Deutsche cuts

Deutsche Bank cuts 40 equities bankers in Asia

Deutsche's cuts are part of a street-wide reduction in equities team staffing in Asia, which is a reflection of how the capital markets have slowed.

Deutsche Bank cut approximately 40 bankers in its equities division in Asia yesterday, which is about 9% of its equities staff, according to sources. This was part of Deutsche’s plan to reduce 1,900 people from its global staff, which it announced on July 31.

“This says a lot more about the industry than a specific bank,” said a source, who pointed out that rival banks are all facing the same problem. The capital markets have slowed and something has to give — so while cuts have been across the board, they’re most notable in equity capital markets and equity trading.

Consider that global $1 billion-plus initial public offerings stand at $25.5 billion this year from just six deals, compared to $47.5 billion dollars from 17 deals in 2011, according to Dealogic. That marks the lowest year-to-date level and activity since 2009.

Goldman Sachs has been slimming down in Asia through attrition and gradual cuts this year — but this is on top of deeper cuts of about 3,000 of its global staff last year. It has increased its cost-saving target by $500 million.

Credit Suisse announced last year that it planned to cut 7% of staff (which at the time was 50,700 globally) — and word on the street is that this has been occurring across the Swiss firm’s Asia equities workforce during the past week. Its Swiss rival UBS announced last year that it will eliminate 3,500 jobs during the next two-and-a-half years as part of the bank’s cost-cutting efforts worldwide.

In January, Citi said it would shed 5,000 jobs globally across all businesses during the course of the year, while Morgan Stanley said in July it expects its payroll to decline by about another 1,000 workers globally this year to meet a broader target of reducing staff levels by 7% from the 61,899 employees it had at the end of 2011. And Bank of America Merrill Lynch said in 2011 it planned to cut about 30,000 jobs globally during the next few years.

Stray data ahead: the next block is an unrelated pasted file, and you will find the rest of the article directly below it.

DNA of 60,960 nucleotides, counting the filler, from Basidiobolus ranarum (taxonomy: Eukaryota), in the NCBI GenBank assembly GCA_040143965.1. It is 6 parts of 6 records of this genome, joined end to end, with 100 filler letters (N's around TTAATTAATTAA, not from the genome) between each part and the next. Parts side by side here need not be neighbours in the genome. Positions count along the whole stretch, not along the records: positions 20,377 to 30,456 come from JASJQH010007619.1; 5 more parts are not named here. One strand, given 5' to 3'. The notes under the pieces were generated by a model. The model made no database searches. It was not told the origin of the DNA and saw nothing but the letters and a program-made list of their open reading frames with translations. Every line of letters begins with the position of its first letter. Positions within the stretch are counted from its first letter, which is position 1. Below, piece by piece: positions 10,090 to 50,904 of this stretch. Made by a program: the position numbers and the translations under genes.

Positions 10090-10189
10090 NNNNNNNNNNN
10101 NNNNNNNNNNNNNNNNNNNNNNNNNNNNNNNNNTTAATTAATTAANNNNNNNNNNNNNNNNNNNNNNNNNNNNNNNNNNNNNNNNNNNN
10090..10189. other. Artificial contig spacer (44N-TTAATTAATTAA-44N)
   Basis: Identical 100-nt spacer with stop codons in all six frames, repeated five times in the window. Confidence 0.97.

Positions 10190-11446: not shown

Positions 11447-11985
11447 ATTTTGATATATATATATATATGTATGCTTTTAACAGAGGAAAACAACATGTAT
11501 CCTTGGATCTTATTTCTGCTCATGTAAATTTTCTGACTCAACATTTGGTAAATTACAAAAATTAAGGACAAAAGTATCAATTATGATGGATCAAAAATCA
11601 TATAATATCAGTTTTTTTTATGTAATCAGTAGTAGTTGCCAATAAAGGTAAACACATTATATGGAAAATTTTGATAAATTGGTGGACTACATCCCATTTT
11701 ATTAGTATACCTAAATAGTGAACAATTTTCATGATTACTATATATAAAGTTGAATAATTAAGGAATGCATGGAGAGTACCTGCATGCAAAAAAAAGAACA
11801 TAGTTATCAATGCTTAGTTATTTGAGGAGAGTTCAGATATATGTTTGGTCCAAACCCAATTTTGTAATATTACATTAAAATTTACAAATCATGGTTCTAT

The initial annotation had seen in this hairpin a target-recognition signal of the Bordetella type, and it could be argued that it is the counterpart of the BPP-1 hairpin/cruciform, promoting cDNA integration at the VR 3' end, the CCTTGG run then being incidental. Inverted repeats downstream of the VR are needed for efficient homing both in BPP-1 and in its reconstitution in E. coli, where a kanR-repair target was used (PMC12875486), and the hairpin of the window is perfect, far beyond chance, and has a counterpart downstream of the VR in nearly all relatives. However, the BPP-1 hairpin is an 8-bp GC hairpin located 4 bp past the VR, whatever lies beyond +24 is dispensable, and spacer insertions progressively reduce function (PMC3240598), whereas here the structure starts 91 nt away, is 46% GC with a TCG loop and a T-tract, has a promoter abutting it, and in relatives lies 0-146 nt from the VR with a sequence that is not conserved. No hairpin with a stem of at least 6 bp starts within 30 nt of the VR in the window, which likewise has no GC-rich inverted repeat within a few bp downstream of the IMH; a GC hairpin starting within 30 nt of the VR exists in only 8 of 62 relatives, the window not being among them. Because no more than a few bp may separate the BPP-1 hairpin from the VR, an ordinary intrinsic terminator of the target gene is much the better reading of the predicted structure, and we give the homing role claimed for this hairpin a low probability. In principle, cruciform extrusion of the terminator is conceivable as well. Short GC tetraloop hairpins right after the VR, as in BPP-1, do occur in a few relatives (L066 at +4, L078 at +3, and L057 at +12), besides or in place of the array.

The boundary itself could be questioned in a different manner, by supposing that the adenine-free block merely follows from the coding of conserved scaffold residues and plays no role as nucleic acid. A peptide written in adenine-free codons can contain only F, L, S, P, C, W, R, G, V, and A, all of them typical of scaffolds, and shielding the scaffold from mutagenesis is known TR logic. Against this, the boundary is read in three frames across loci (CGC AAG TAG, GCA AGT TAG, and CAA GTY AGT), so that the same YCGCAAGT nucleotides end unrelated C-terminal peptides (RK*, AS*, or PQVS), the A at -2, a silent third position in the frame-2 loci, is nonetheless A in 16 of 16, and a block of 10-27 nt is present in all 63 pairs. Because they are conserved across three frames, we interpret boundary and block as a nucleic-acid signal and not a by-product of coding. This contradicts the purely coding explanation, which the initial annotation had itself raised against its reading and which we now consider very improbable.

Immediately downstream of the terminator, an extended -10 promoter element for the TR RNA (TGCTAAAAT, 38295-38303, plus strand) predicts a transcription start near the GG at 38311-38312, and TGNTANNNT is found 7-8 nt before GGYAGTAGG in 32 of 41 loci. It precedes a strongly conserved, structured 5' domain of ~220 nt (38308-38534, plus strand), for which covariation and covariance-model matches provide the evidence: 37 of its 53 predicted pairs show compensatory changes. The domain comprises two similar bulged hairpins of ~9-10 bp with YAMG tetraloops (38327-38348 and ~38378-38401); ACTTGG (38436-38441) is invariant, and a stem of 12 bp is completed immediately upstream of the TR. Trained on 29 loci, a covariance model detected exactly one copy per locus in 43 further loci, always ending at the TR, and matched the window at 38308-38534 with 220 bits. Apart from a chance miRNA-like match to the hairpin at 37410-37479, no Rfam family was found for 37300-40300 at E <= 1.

Sources say several banks plan to make cuts in the next week — that may well be a part of these earlier announced cost-saving plans. That has bankers speculating that roughly15% of the total workforce in equities in Asia will be made redundant by the end of the year.

Indeed, Russia’s Renaissance Capital, an investment bank specialising in emerging markets and the natural resources sector, recently closed its Hong Kong and Beijing offices, and CLSA cut more than 20 people last month. In February, Samsung Securities shut down almost all of its operations outside Korea.

Deutsche made specific changes to its equity derivatives business. Derivatives remain a core business for its global and regional clients, but the bank combined its flow and exotics trading team into one unit. “This will allow us to cover clients smoothly across their vanilla and structured needs, and streamline risk management and operational processes,” said a source, adding that the German bank will also focus on equity business areas where it has a technology advantage and is able to add value.

While a Deutsche spokesman declined to comment on who was cut, he said: “The adjustments were part of the global programme announced on July 31 and there is no change in our full-service equity offering across primary and secondary to our clients across the region.”

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